I welcome Peter Lazenby's articles about the mining industry and peace movement in Yorkshire.
Readers may not be aware of how deeply involved Pete was in the 1984/5 miners' strike.
As an industrial correspondent he countered the Tories' lying propaganda, going into pit villages giving miners a platform to show their solidarity and expose police brutality.
In his own town Pete organised fund-raising collections and concerts that raised thousands of pounds to support the strike.
In his article about Kellingley colliery (M Star September 22) Pete describes how North Sea gas was "squandered" to generate electricity, reducing the demand for coal and consequently miners' jobs.
Miners also made the connection between pit closures and the growth of nuclear power.
Developing links with CND, they recognised that nuclear power produced the material for nuclear weapons.
In turn the effects of testing in the Pacific and the plight of uranium miners in Namibia raised anti-racist awareness.
Miners took their banners to the anti-Trident demonstration at Barrow shipyards and Hyde Park in support of Friends of the Earth in 1985.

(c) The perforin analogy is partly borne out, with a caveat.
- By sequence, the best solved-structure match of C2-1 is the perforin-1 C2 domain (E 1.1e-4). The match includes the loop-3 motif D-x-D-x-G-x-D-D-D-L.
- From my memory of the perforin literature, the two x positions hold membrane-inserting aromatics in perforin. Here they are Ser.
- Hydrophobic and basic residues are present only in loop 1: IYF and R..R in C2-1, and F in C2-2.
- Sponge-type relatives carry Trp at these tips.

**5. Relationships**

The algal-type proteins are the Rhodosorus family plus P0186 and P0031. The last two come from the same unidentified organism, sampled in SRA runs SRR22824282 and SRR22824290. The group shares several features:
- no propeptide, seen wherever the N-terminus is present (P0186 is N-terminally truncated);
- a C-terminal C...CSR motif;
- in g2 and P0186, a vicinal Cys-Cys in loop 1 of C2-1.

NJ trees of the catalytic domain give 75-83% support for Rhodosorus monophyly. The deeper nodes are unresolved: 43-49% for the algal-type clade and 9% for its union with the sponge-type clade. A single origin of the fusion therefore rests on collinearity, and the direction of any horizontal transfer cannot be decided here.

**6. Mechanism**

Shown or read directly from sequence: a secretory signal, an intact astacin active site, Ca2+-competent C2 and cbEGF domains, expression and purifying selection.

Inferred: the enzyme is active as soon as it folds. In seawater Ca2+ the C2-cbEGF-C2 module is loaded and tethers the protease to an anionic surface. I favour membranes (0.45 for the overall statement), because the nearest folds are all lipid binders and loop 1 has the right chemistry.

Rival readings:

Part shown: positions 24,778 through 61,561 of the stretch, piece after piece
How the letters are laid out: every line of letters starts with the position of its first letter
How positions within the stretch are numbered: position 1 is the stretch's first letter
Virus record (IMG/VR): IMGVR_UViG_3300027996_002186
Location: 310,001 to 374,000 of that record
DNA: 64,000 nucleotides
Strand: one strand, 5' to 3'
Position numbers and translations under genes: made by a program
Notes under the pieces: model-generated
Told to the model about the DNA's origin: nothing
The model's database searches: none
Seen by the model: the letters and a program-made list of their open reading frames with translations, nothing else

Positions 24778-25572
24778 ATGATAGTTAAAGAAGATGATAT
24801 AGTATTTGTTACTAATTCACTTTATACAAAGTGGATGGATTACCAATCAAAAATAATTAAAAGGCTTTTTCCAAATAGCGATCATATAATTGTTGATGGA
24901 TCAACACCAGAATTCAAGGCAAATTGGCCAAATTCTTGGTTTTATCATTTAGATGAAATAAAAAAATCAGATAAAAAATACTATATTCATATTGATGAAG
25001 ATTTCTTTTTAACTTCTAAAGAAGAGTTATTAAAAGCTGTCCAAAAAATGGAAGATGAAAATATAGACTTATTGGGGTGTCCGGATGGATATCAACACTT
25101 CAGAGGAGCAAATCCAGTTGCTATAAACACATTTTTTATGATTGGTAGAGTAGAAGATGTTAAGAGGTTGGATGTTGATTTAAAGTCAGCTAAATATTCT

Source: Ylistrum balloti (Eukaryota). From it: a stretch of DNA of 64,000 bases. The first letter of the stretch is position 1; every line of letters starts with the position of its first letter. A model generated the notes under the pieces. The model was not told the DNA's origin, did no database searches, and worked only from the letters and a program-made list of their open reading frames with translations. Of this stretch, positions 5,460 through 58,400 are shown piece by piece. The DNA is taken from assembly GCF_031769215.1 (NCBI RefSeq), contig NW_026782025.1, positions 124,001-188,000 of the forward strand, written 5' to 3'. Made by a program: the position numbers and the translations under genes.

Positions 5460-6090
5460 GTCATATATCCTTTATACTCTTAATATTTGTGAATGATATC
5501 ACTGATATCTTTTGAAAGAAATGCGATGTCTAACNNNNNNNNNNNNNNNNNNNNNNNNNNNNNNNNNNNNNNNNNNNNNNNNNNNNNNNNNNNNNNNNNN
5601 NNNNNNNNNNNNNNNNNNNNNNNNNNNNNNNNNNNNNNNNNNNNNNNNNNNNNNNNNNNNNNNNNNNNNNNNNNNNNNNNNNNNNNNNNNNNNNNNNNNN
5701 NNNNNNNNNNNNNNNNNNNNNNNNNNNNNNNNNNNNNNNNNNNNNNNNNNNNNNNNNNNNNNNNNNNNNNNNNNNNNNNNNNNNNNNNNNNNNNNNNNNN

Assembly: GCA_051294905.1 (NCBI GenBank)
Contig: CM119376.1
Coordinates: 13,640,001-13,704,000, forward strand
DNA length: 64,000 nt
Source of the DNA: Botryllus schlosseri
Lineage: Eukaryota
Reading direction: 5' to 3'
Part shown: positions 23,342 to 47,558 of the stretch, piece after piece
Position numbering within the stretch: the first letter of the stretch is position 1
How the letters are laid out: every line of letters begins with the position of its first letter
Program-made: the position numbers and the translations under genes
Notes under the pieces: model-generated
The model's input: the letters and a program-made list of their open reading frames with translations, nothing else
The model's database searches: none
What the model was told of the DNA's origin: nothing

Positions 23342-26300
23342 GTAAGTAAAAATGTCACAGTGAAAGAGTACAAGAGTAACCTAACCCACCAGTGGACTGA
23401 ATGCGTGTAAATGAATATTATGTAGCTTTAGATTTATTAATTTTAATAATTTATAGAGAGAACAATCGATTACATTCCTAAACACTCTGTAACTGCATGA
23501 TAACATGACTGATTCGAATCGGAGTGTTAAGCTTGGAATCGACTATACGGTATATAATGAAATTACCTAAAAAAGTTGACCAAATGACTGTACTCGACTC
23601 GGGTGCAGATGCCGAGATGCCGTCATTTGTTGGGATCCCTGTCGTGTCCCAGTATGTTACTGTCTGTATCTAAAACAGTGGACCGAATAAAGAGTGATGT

I met Women Against Pit Closures at Greenham Common. The strike politicised women.
In 1998 objectors were having no success opposing US spy base Menwith Hill's plans to erect a security fence through a site colonised by rare orchids.
Pete published an article headed "Pentagon Versus the Flower People."
He wrote: "A scatter of rare native wetland orchids, some so obscure they haven't yet been identified, could halt the mighty US war machine in its tracks.
"Menwith Hill peace protesters aren't stuffing flowers into the barrels of guns but using them to spike the expansion plans by the world's biggest electronic eavesdropper."
The publicity embarassed the authorities, influencing their decisions to alter the fence line and conserve the site.
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